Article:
Springer, New York.
MACEACHE RN , S. 1999. Dependent Nonparametric Processes. In
ASA Bayesian Stat. Sci.
ROBBINS, H., AN D MONRO, S. 1951. A Stochastic Approxima-
tion Method. Ann. Math. Statist. 22, 3, 400–407.
SETHURAMAN, J . 1994. A constructive definition of Dirichlet
priors. Statistica Sinica 4, 639–650.
Algorithm 5: updateCluster
Data:wd,εd,ζd,φd, v, β
Result:ε, p, q
1Set initial step size ρt0
l, set initial t0= 0;
2while p not converged do
3Set initial step size ρt0
o
i, set initial t0
o= 0;
4while q, εnot converged do
5[ζd,φd] = opLocal(wd,εd,ζd,φd, p, q)(Algorithm 4);
6for l∈ {1,...,L}do
7for i∈ {1,...,I}do
8ˆq1
li=1+DPJ
j=1 ζli
dj;
9ˆq2
li=a+DPJ
j=1 Pm>i ζlm
dj;
10 ˆεk
liexp{E[logσk(v)] +
l
dPJ
j=1 ζli
djPN
n=1 φj
dn
E[logβk,wdn]},
k∈ {1,...,K};
11 end
12 end
13 t0
o=t0
o+ 1;
14 update ρt0
o
lwith t0
o(Equation 9). for l∈ {1,...,L}do
15 for i∈ {1,...,I}do
16 q(1,t0)
li=(1 ρt0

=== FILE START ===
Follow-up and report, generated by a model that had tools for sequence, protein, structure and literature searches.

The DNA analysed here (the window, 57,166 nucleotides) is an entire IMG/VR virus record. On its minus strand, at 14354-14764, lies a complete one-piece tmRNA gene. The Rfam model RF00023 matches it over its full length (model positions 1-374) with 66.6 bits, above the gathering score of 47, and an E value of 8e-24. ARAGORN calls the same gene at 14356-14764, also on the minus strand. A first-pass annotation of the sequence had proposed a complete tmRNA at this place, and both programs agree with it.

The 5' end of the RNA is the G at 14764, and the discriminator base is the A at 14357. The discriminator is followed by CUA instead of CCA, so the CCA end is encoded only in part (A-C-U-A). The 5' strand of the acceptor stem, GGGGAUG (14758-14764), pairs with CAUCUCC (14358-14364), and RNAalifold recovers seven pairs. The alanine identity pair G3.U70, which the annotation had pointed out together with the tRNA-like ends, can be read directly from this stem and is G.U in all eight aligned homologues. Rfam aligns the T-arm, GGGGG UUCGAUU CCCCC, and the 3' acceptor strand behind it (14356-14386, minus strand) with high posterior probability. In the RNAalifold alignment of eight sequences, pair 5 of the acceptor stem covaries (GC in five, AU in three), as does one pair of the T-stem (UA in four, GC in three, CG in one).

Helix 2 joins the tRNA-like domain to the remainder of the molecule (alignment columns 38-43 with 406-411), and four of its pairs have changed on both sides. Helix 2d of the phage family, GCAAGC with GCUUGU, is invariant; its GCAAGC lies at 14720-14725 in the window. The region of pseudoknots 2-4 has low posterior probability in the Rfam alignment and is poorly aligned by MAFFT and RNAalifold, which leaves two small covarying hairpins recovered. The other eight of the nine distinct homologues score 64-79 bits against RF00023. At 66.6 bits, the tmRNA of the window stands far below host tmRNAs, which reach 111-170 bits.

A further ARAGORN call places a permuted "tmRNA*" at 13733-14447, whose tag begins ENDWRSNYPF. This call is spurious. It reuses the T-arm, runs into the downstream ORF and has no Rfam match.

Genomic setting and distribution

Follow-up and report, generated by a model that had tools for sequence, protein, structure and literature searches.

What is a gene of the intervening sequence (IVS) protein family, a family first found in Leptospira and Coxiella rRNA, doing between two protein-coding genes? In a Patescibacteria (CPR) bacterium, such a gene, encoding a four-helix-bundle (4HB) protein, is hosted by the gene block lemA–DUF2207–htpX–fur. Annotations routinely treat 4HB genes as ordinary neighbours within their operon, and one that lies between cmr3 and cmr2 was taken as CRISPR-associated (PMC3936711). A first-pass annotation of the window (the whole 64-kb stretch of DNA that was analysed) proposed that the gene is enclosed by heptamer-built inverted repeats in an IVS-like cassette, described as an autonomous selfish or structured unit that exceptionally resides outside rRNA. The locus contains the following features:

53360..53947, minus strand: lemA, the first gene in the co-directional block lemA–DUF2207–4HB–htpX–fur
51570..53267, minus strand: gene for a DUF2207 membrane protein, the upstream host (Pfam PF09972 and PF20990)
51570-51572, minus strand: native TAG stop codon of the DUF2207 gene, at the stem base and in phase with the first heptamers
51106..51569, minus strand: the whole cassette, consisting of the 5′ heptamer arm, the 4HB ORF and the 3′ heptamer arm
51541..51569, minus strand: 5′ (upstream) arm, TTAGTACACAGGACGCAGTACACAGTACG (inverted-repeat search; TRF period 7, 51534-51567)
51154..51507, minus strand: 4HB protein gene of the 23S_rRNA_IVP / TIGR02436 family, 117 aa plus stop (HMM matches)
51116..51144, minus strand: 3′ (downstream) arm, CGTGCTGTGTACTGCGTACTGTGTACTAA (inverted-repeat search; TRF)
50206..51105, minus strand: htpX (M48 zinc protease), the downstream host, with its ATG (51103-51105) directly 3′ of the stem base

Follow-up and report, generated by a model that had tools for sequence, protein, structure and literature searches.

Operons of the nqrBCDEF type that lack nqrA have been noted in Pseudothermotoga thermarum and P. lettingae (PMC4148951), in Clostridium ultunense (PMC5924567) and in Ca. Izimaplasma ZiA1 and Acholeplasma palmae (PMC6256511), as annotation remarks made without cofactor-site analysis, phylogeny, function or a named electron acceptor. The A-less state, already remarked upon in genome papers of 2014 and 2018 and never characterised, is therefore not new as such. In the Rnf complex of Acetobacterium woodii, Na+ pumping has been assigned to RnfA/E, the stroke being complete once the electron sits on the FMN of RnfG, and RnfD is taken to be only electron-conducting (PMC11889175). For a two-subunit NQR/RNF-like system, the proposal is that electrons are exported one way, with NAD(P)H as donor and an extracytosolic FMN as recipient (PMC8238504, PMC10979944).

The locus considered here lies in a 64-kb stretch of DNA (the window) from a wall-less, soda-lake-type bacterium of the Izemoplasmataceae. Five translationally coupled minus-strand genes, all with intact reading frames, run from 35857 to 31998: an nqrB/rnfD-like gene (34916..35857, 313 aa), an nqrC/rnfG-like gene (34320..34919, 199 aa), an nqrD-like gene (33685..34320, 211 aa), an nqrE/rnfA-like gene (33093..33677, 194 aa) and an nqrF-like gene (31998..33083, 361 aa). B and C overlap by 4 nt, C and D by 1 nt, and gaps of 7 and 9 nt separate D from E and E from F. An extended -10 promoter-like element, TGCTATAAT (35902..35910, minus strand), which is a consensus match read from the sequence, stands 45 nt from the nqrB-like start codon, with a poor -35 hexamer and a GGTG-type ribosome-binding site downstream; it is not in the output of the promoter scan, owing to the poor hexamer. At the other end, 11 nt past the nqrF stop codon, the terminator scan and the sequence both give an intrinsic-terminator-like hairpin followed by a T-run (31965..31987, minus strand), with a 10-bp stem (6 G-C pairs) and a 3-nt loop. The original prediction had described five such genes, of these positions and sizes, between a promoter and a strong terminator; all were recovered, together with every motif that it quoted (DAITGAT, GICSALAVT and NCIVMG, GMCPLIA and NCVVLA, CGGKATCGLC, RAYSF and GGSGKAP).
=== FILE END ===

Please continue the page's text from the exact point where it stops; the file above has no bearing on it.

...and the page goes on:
l)q(1,t01)
li+ρt0
o
lˆq1
li;
17 q(2,t0)
li=(1 ρt0
l)q(2,t01)
li+ρt0
o
lˆq2
li;
18 ε(k,t0)
li=(1 ρt0
l)ε(k,t01)
li+ρt0
o
lˆεk
li,
k∈ {1,...,K};
19 end
20 end
21 end
22 t0=t0+ 1;
23 update ρt0
lwith t0(Equation 9). for l∈ {1,...,L}do
24 ˆp1
l=1+DPI
i=1 E(li)PJ
j=1 ζli
dj;
25 ˆp2
l=b+DPI
i=1 E(li)PJ
j=1 Pm>l ζmi
dj;
26 end
27 for l∈ {1,...,L}do
28 p(1,t0)
l=(1 ρt0
l)p(1,t01)
l+ρt0
lˆp1
l;
29 p(2,t0)
l=(1 ρt0
l)p(2,t01)
l+ρt0
lˆp2
l;
30 end
31 end
Algorithm 6: updateGlobal
Data:wd,η,ε,µd,ζd,φd,ρt,λ(t1),o1,(t1) ,o2,(t1)
Result:λ(t),o1,(t),o2,(t)
1for k∈ {1,...,K}do
2ˆ
λkv =η+ DPL
l=1 µl
dPI
i=1 εk
liPJ
j=1 ζli
djPN
n=1 φj
dnwv
dn;
3ˆo1
k=1+PL
l=1 PI
i=1 εk
li;
4ˆo2
k=ω+PL
l=1 PI
i=1 Pm>k εm
li;
5end
6λ(t)=(1 ρt)λ(t1) +ρtˆ
λ;
7o1,(t)=(1 ρt)o1,(t1) +ρtˆ
o1;
8o2,(t)=(1 ρt)o(2,t1) +ρtˆ
o2;
9return λ(t),o1,(t),o2,(t)
Figure 2: Data segment samples from PARIS07, ONDREJ10,
PETT09 and MOU09
Figure 3: a: All trajectories. The red dots are cameras. The blue
circles are exts/entrances. b-d:data segments. All data segments
span 5 seconds.
Figure 4: Two data segments in train station dataset.
Figure 5: Additional patterns learned by SVDHDP from train sta-
tion dataset.
Figure 6: Patterns learned Gibbs Sampling from train station
dataset.
Figure 7: Patterns learned Gibbs Sampling from train station
dataset.
Figure 8: Data segment samples for park simulation from
PARIS07, ONDREJ10, PETT09 and MOU09
Figure 9: Data segment samples for train station simulation from
PARIS07, ONDREJ10, PETT09 and MOU09